By: Phyllis Ershowsky, APR, CPRC
From the time we take our first steps as PR assistants to the day we become experienced professionals, we are reminded about the importance of cultivating a thorough crisis communication plan. In most cases we file it away, secure in the fact that it’s there if we need it. For me, that was yesterday. The beauty of a well thought out crisis communication plan? It actually works.
Leaving out names to protect the innocent, no sooner had I completed a crisis plan for a new client than a crisis occurred: a key employee walked off the job without notice. She was the only full time person licensed to manage one of the major functions of this organization and without a replacement, the regulatory agencies warned they would shut down the business within the next two days. To complicate matters, this same employee called the media about the impending shut down and two TV stations got right on it. We had five hours to get control of the situation until the 6 p.m. news. What to do? Refer to our newly minted, trusty crisis plan, of course.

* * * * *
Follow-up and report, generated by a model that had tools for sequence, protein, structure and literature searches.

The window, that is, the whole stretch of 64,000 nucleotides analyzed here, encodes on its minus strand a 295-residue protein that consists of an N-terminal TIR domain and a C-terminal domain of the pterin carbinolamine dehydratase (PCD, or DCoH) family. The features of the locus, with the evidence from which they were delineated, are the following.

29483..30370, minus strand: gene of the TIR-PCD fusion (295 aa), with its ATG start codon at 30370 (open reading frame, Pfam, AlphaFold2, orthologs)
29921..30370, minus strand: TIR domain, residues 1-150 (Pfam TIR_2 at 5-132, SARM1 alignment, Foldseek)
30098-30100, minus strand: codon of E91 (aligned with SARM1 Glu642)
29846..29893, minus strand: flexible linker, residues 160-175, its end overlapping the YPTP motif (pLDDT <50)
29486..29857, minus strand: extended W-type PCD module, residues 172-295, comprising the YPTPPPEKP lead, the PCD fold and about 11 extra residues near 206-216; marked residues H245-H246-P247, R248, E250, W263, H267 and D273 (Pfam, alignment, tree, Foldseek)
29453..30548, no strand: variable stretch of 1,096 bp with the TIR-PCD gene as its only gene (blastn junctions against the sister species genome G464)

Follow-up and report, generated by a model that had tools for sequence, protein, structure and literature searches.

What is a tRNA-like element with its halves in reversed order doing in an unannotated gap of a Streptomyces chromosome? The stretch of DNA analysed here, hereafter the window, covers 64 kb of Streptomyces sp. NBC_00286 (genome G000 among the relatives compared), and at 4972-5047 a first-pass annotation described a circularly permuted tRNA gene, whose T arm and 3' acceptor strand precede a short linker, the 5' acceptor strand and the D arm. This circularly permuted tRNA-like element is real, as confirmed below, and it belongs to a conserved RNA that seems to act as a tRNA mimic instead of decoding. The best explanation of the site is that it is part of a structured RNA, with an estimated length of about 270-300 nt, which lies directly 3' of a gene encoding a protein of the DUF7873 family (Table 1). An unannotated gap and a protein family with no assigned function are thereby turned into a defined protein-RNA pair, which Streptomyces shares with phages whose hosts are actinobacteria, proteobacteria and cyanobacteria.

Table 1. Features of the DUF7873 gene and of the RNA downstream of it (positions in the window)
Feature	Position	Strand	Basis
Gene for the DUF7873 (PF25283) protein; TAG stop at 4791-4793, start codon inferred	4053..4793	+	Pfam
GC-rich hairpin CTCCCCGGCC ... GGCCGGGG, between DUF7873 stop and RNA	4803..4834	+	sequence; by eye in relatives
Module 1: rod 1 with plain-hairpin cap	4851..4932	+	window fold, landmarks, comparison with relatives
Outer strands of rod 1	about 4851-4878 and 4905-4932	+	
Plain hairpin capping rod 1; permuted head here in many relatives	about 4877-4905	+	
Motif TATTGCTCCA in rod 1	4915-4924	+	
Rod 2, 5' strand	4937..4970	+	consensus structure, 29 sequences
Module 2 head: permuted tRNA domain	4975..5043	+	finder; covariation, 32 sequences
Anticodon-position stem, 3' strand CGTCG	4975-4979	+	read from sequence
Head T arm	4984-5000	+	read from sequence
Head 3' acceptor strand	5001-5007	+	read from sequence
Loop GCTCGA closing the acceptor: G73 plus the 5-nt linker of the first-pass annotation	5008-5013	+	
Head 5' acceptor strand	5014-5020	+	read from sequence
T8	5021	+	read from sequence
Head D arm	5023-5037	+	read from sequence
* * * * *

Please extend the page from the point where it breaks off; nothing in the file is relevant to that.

Within two hours, we appointed a spokesperson, drafted a statement for the media, coached the client, contacted the media with a response and set a time with the reporters for an update. The result? While the news stories ran as scheduled, the facts were presented fairly and the points we made in the statement were mentioned right up front. There was little drama and the impact was minimal.
Here were the lessons learned:
- By planning calmly and rationally in advance, we were prepared for the worst.
- We had an immediate plan to put into action – no time was wasted.
- Because we were so calm and organized, the client was too – and that made a huge difference in the outcome.
I highly recommend preparing a thorough crisis communication plan for your client’s or organization’s peace of mind – and yours as well!
Phyllis Ershowsky, APR, CPRC and principal of PKE Marketing & PR Solutions, has more than 25 years experience developing creative strategies to help clients establish positive reputations and relationships with their key publics. She is also an adjunct professor at Florida Gulf Coast University and has served as our local FPRA chapter’s vice president of member relations for the past two years.